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April 2008
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  • Gewürztraminer

    Dear Mrs. Bryce,

    I was pleased to hear that you enjoyed the Riesling that you picked up last week.  I thought that it would be a nice transitional wine for moving into white wines from the blush wines you have had in the past.  I recalled that you were talking about making a spicy Asian recipe.  Spicy foods can have a tendency to bowl over many wines so pairing a wine that is also somewhat spicy compliments the dish quite nicely.  I’d like to recommend a Gewürztraminer (pronounced ‘ga-VERTZ-trah-MEE-ner’) as it works well with “hot” spiced foods.  The grape is originally from Germany, but now there are plantings in the U.S., Australia, France, and other countries.  The word actually means “spice grapes”.  Now that you have experienced a Riesling, this will be similar in sweetness but a little more zestful and lively and of course carries a tanginess of spice.  There are often lychee and melon aromatics.   I often find pear, honeydew melon, honeyed apricots & peach flavors in many that I come across.  Some of the best come from the Alsace region of France and they tend to drink a little drier than their American cousins.  Gewürztraminers will work very favorably with Thai, Indian (especially curry dishes), Szechuan and Mexican fare such as enchiladas in a white cream sauce with green chilies.  It is a delightful sipping wine so it doesn’t have to go with a meal at all.  A very solid “Gavertz” that is perennially a best seller is the Fetzer Vineyards.  We have been selling a tremendous amount of the Macher Gewurztraminer Spatlese from Germany as well.  The ideal drinking temperature is about 45 degrees so consider putting it in the refrigerator for eight hours and then pulling it out about a half hour before serving.  I think this would be the perfect pairing for your dinner plans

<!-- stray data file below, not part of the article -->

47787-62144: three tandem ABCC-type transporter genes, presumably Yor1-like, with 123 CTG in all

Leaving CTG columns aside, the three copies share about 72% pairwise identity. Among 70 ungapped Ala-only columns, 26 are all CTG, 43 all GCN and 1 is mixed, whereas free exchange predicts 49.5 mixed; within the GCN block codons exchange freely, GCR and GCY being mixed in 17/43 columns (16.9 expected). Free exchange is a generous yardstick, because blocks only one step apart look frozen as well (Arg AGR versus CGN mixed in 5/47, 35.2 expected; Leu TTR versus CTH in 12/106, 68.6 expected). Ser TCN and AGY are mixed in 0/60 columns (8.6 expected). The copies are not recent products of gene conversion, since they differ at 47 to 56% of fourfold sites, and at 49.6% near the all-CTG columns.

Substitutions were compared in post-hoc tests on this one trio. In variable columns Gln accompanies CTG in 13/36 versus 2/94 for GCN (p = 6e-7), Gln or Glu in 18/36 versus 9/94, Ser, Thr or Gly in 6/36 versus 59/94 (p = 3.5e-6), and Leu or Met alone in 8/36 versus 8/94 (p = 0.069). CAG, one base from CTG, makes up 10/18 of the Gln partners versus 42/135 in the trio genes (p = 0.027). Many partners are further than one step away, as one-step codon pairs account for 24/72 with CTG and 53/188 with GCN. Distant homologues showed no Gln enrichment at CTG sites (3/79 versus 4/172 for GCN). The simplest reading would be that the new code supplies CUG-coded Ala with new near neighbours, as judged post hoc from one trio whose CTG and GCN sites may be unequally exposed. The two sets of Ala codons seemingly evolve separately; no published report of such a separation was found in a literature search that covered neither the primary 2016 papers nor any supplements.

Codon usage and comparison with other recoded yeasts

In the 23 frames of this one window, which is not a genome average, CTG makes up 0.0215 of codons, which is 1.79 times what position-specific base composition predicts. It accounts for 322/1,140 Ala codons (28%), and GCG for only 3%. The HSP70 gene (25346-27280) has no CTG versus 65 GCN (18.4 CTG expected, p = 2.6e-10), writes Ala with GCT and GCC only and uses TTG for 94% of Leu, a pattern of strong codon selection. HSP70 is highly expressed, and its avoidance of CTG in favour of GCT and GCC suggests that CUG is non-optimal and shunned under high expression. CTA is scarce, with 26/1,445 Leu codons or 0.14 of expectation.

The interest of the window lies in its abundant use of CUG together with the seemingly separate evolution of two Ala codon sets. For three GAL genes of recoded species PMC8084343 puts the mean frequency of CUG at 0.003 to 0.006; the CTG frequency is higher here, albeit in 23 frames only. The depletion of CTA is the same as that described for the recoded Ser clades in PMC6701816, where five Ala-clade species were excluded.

Rod Olson
    The Cellars Wines & Spirits